From the editor Featured

10:01am EDT July 22, 2002

”It is a wretched taste to be gratified with mediocrity when the excellent lies before us.”
—Isaac D’Israeli, Curiosities of Literature (1834)

My piano teacher loved to talk. I discovered this each week when I had to sit down with her to demonstrate the skills I had learned the previous week.

I would arrive just in time with my stack of music books and a carefully planned list of potential discussion topics. When it came time to play my first song, I would straighten my back, confidently position my fingers and turn to my teacher.

That’s when I would ask her the big question—the question that always warranted not just a yes or no, but a 10-minute discussion which prompted further questions and more discussion. My 45-minute lesson inevitably would last roughly 20 minutes.

I was clever, indeed. As long as I could engage her in conversation, I didn’t have to play the piano for her. And as long as I didn’t have to play, I didn’t have to practice.

Ten years of lessons later and I demonstrated the skills of a five-year student. Not that it mattered much, because I was smart enough to quit just before my required high school recital.

I have to admit I thought about that one day while sitting in a Grove City College auditorium listening to my baby brother perform as any 10-year student-turned-concert-pianist should. Instead of playing outside after school, he practiced. Instead of talking his way through his lessons, he played. He ultimately graduated from college with a dual teaching degree that included music.

In the end, I embraced my limitations. He didn’t. I found an easy way out. He didn’t. I accepted mediocrity when it came to playing the piano. He didn’t. Today, I play Chopsticks. He won’t.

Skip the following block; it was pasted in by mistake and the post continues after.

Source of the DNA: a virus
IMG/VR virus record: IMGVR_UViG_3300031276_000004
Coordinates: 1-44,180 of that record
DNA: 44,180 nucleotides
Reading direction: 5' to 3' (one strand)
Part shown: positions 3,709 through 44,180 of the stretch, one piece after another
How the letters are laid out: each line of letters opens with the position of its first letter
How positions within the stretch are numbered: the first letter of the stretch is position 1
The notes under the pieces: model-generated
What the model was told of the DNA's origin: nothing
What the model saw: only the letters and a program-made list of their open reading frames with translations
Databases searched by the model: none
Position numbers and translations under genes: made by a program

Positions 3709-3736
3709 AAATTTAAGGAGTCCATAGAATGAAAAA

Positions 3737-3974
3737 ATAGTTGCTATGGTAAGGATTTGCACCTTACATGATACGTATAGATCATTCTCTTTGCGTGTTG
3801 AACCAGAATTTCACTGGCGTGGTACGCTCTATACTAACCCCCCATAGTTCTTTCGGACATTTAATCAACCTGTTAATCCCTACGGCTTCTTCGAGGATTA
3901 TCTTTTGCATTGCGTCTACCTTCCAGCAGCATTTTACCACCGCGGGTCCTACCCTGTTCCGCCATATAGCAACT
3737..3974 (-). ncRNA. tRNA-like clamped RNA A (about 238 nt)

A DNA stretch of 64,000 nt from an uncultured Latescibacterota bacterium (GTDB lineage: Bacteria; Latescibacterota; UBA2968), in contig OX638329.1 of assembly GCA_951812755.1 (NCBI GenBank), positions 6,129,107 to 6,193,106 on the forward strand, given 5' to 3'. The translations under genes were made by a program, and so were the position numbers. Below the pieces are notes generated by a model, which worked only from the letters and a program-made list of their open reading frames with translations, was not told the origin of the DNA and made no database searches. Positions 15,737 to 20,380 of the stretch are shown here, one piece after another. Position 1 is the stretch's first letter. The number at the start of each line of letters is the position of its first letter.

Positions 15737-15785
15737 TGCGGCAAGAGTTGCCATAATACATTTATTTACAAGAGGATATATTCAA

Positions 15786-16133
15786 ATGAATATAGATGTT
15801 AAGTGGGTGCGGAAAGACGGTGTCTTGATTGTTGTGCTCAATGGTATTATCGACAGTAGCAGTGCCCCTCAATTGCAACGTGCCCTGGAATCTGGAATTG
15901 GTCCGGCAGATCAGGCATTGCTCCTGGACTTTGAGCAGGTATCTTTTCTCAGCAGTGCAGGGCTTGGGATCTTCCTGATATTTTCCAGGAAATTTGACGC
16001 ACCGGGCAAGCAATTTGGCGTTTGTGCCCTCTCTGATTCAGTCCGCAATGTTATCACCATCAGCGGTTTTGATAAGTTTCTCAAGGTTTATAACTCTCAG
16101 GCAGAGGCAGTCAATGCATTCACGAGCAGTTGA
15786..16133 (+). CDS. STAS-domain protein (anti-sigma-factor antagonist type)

That’s what’s great about mediocrity. It requires no effort—no risk. You sacrifice little. You let no one down because they don’t expect much from you anyhow. The best part is that you will fit in with most others in your class or business or society. Most of your peers will revel in mediocrity.

However, as our annual Who To Watch special report attests, there are always those few who rise above mediocrity and aim for the excellent. They work 18 hours a day. They constantly innovate. They invest their intellect, their homes and their lives. They know their limitations, yet choose to ignore them. They transform industries. And lives.

Certainly, plenty of mediocre entrepreneurs and their companies continue to survive and exist. They talk a good game, dress the part and continue on, in much the same way their predecessors did. But they’re only half the companies they could be because they take the easy approach. They don’t innovate. They aim for industry averages. They embrace mediocrity. They skip the big recital.

You won’t see that mentality at any of the companies featured in SBN as those to watch this year. These entrepreneurs set goals well beyond industry averages. They all are reaching for excellence, for market leadership. And regardless of the outcome, they just keeping reaching.

Some will make it, others won’t, but they still keep reaching. They set the standard for the economic success of this region. That’s why I think the eight we selected, though not alone in their search for excellence, are worth watching. And perhaps learning from.

As you enter this new year and head toward this new millennium, I encourage all of you to reach a little higher, to break out of this world of mediocrity, to practice instead of just talking about it. To stick around for the big recital.

Today, as my piano repertoire consists of "Itsy Bitsy Spider," "Mary Had a Little Lamb" and a few bars of Chopin, I wish I had.

So it goes for mediocrity.